This is where Kong suffers the first transformation from monstrous beast to anti-hero, and this thanks to the character of Ann Darrow, able to calm the loneliness of the animal – which in fact becomes attached to the woman. The sequence of events between Cooper’s film and this one by Guillermin does not change much, as does the sense of the relationship between Kong and Darrow, who is much friendlier and more empathetic, we would dare to say healthy.
A sequel was also produced in 1986, King Kong 2 also directed by Guillermin, but it became one of the biggest economic flops of the time. In these two films, however, the author and the production opted to follow Honda’s ideas, choosing to have Kong portrayed by a costumed actor. to be precise by Rick Baker; and this despite the fact that an animatronic 12 meters high was created but complicated to use in Step One (or Two) in any scene with the monster on the screen.
In conclusion, before its third Western relaunch in Monster Fresh, now starring in Adam Wingard’s Godzilla vs Kong, the King of Records was optioned by Peter Jackson for a massive remake in 2005, shot with the same innovative techniques used for The Lord of the Rings, with the greatest Kong ever and with an eye on every film of the past dedicated to the character.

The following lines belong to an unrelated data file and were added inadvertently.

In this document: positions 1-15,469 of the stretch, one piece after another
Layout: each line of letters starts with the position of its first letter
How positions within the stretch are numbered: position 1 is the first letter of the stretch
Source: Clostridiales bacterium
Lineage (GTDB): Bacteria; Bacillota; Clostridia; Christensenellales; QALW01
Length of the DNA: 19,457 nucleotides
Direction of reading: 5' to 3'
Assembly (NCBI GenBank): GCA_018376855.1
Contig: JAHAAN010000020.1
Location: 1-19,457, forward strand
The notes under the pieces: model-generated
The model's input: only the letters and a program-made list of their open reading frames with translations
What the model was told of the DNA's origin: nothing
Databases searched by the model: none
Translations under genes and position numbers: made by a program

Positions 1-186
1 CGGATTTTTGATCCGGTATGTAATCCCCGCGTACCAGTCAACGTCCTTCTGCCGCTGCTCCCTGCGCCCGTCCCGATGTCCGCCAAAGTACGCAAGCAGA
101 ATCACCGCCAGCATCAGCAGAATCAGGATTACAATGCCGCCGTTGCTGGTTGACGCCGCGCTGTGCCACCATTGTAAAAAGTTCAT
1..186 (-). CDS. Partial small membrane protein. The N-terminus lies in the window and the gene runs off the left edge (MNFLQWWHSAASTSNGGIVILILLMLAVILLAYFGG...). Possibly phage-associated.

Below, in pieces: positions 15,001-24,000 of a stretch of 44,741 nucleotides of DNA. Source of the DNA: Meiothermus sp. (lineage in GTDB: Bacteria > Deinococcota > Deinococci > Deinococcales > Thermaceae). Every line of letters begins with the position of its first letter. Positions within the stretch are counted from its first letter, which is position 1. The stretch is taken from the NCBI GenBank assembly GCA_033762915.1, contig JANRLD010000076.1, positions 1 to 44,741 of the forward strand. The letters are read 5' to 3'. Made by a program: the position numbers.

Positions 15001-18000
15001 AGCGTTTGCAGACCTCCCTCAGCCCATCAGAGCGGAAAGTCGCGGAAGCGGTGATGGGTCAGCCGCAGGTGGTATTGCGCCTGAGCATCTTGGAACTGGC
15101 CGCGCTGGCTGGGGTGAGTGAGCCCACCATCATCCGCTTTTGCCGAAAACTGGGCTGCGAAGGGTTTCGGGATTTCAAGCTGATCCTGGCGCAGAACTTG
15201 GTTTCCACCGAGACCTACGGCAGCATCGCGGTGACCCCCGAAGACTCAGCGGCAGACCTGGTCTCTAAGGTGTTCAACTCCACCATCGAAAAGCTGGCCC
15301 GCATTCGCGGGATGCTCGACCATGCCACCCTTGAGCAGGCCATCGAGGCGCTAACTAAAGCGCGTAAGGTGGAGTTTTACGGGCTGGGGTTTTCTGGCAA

Indeed, Jackson looked even further back, to that The Lost World of ’25 which was for Cooper one of the keys to presenting the project. Fortunately, Jackson’s mammoth 3-hour vision, a true epic on the Island of the Skull and back, between still-living dinosaurs and repulsive giant insects, was warmly received by critics and also won three technical Oscars, finishing in 2008 among the 500 best films in the history of cinema in the Empire’s list Magazine. And currently together with Kong: Skul Island, albeit for different merits, Jackson’s King Kong is perhaps the best work ever created on the character.